The colour of the sand was amazing and constantly changing.
The one humped dromedaries could maintain a quicker speed than their two humped Mongolian cousins, sand squelching under their large feet and between their toes (come on, I had to make at least one camel toe joke). For about an hour, maybe a bit longer, we reclined on our uncomfortable ride before we came to the place where we would sleep that night. This was in the desert and away from civilization but only just, like a Bear Grylls Saharan survival documentary that looks like he’s isolated from all civilization before the camera pans out and reveals that he is actually within 500 metres of the pyramids. The main road was about 2 clicks away; a village lay about the same distance from our campsite. Our jeep driver came and dropped off our supplies for the night, pillows, blankets, food and beer. There were no tents so we slept under the stars, on a raised concrete platform under natty blankets.

Caring for their beasts of burden.
Before dinner, we visited the nearby village to drop off parts for their solar powered generator. I got the feeling that the kids there hadn’t seen many foreigners. Gradually, they overcame their shyness just in time to play a big game of tag before we had to go back to our campsite. As the sun set, the colour of the sands changed minute by minute. I found myself thinking to myself, was there residual radiation from the nuclear tests performed in the desert here that made the light appear this way? Mary took a memorable shot of the camel and its driver (that is now the header of this blog). Here, the driver appears to see the camel as an equal of sorts, just as mahouts seem to with their elephants. As far as a camel can be affectionate, the camels were affectionate to their drivers, with the affection returned reciprocally.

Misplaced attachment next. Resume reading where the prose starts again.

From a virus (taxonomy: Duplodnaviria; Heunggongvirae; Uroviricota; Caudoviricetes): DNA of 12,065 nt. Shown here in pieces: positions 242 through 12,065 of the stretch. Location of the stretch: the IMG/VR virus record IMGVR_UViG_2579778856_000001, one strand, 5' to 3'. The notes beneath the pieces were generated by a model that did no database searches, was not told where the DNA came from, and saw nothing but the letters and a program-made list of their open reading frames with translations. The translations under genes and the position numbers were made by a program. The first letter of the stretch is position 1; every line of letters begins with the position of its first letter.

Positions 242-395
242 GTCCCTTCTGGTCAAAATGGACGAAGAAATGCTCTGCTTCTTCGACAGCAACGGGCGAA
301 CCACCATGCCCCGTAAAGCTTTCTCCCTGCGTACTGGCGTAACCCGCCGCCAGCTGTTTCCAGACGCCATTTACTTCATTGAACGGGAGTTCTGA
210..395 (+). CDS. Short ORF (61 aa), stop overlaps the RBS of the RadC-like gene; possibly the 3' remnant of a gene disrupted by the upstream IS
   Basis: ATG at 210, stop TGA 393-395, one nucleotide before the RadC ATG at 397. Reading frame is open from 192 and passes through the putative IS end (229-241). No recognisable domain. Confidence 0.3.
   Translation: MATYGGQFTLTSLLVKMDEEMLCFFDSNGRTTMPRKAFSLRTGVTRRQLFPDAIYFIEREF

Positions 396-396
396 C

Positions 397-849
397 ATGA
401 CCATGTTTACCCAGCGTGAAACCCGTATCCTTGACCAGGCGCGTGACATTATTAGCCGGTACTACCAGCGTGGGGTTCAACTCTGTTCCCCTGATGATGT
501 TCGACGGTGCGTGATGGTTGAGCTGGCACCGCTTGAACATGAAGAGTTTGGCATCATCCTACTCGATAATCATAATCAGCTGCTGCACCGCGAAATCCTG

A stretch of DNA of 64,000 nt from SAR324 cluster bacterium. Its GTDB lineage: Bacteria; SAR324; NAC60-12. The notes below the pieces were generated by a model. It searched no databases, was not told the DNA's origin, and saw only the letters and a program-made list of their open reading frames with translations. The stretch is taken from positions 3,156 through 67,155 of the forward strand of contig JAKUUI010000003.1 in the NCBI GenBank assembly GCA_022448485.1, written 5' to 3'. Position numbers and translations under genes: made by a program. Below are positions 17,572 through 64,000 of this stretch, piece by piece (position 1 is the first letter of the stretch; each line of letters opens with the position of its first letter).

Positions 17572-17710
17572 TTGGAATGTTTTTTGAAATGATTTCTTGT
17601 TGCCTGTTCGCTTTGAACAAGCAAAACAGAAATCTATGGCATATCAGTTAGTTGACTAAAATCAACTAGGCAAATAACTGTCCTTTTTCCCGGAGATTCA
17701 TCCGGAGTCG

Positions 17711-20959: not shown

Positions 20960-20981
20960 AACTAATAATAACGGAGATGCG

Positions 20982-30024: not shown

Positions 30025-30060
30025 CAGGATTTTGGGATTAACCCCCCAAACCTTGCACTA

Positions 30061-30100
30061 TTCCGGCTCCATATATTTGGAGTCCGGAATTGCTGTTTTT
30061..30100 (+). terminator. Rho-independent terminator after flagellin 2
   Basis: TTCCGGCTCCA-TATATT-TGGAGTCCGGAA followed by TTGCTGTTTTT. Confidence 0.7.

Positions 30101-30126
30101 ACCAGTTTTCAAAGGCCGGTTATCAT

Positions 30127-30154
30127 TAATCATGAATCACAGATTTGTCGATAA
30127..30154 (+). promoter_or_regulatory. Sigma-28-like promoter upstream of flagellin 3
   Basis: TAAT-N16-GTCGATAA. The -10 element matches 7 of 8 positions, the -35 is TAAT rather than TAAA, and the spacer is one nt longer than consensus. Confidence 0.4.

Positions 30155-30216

One of my favourite holiday snaps, camel with driver.
While we were busy enjoying the sunset, the camel drivers had been busy fixing us dinner, which turned out to be a delicious goat curry. I’m not sure whether it was delicious because it was well cooked or because it was my first taste of meat in almost a month of being vegetarian. Either way, it tasted good to be a carnivore again. We enjoyed our beers huddled around the small fire, (deserts get really cold at night), gazing up at the stars. I’ve never been anywhere where the stars seemed to illuminate the sky in this way. Wherever you looked, there were stars. Stars layered upon stars, galaxies overlapping and interconnecting. Lying on your back, looking up at the heavens, you could see shooting stars blasting their way through our outer atmosphere. When we retreated to bed, we could hear the sounds of the camels, the crackling of the fire and the snarl of feral dogs attracted by the promise of goat bones and the warmth of the fire. Both enjoying the stellar lookout and worried that I might wake up with my face eaten off by a pack of dogs, I fell into a comfortable sleep. I woke early for sunrise and walked to the top of the tallest nearby sand-dune, hoping to see a snake or something but didn’t see anything but beetles. Maybe David Attenborough was wrong. The desert seems to be a  desolate place, mostly devoid of life.